Tenth Rule. The tenth: Let the one who is in consolation think how he will conduct himself in the desolation which will come after, taking new strength for that time.
Eleventh Rule. The eleventh: Let one who is consoled seek to humble himself and lower himself as much as he can, think- ing of how little he is capable in the time of desolation with- out such grace or consolation. On the contrary, let one who is in desolation think that he can do much with God’s sufficient grace to resist all his enemies, taking strength in his Creator and Lord.
Twelfth Rule. The twelfth: The enemy acts like a woman in being weak when faced with strength and strong when faced with weakness. For, as it is proper to a woman, when she is fighting with some man, to lose heart and to flee when the man confronts her firmly, and, on the contrary, if the man begins to flee, losing heart, the anger, vengeance and ferocity of the woman grow greatly and know no bounds, in the same way, it is proper to the enemy to weaken and lose heart, flee- ing and ceasing his temptations when the person who is exer- cising himself in spiritual things confronts the temptations of the enemy firmly, doing what is diametrically opposed to them; and, on the contrary, if the person who is exercising himself begins to be afraid and lose heart in suffering the temptations, there is no beast so fierce on the face of the earth as the enemy of human nature in following out his damnable intention with such growing malice.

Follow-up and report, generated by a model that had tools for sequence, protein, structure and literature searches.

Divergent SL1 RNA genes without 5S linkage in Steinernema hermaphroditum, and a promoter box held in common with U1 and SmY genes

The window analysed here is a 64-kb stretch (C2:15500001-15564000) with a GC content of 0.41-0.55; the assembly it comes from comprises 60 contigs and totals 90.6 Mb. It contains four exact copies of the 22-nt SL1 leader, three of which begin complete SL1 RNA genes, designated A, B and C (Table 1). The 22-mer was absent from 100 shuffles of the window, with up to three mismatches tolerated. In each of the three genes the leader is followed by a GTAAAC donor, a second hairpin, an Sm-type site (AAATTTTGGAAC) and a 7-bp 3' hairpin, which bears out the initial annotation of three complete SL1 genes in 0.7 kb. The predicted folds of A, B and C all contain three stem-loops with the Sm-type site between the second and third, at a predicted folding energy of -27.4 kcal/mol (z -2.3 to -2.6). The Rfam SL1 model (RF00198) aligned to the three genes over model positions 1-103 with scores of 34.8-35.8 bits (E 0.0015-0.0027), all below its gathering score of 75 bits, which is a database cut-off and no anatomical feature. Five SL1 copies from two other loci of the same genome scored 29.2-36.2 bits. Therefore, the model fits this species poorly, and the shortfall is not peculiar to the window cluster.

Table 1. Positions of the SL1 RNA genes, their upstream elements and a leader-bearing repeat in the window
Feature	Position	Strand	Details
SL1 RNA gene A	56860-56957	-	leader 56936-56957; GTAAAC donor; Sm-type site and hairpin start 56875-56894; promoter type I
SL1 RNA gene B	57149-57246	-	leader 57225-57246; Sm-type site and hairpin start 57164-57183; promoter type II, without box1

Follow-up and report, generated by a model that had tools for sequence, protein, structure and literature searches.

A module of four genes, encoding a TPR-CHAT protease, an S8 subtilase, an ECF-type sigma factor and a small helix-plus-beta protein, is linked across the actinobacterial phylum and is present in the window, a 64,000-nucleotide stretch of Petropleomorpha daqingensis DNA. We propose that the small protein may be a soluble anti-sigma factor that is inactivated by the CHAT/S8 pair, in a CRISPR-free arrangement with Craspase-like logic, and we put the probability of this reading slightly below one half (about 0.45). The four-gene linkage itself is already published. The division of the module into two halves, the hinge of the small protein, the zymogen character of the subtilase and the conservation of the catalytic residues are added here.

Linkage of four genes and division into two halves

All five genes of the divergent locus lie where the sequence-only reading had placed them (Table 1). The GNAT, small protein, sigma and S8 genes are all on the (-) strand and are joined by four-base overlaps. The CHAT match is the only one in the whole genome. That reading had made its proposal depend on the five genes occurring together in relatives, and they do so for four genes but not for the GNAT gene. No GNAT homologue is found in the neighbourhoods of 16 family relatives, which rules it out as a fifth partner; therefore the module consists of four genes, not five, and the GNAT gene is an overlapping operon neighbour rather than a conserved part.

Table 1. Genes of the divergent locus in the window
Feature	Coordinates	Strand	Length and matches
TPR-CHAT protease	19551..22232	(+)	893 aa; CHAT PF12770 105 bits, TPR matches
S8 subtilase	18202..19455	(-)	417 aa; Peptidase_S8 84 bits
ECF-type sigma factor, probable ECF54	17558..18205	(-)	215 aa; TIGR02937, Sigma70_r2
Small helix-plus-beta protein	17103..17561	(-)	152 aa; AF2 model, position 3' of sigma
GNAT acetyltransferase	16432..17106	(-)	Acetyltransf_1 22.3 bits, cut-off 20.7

Thirteenth Rule. The thirteenth: Likewise he conducts him- self as a false lover in wishing to remain secret and not berevealed. For a dissolute man who, speaking with evil inten- tion, makes dishonorable advances to a daughter of a good father or a wife of a good husband, wishes his words and persuasions to be secret, and the contrary displeases him very much, when the daughter reveals to her father or the wife to her husband his false words and depraved intention, because he easily perceives that he will not be able to succeed with the undertaking begun. In the same way, when the enemy of human nature brings his wiles and persuasions to the just soul, he wishes and desires that they be received and kept in secret; but when one reveals them to one’s good confessor or to another spiritual person, who knows his deceits and malicious designs, it weighs on him very much, because he perceives that he will not be able to succeed with the mali- cious undertaking he has begun, since his manifest deceits have been revealed.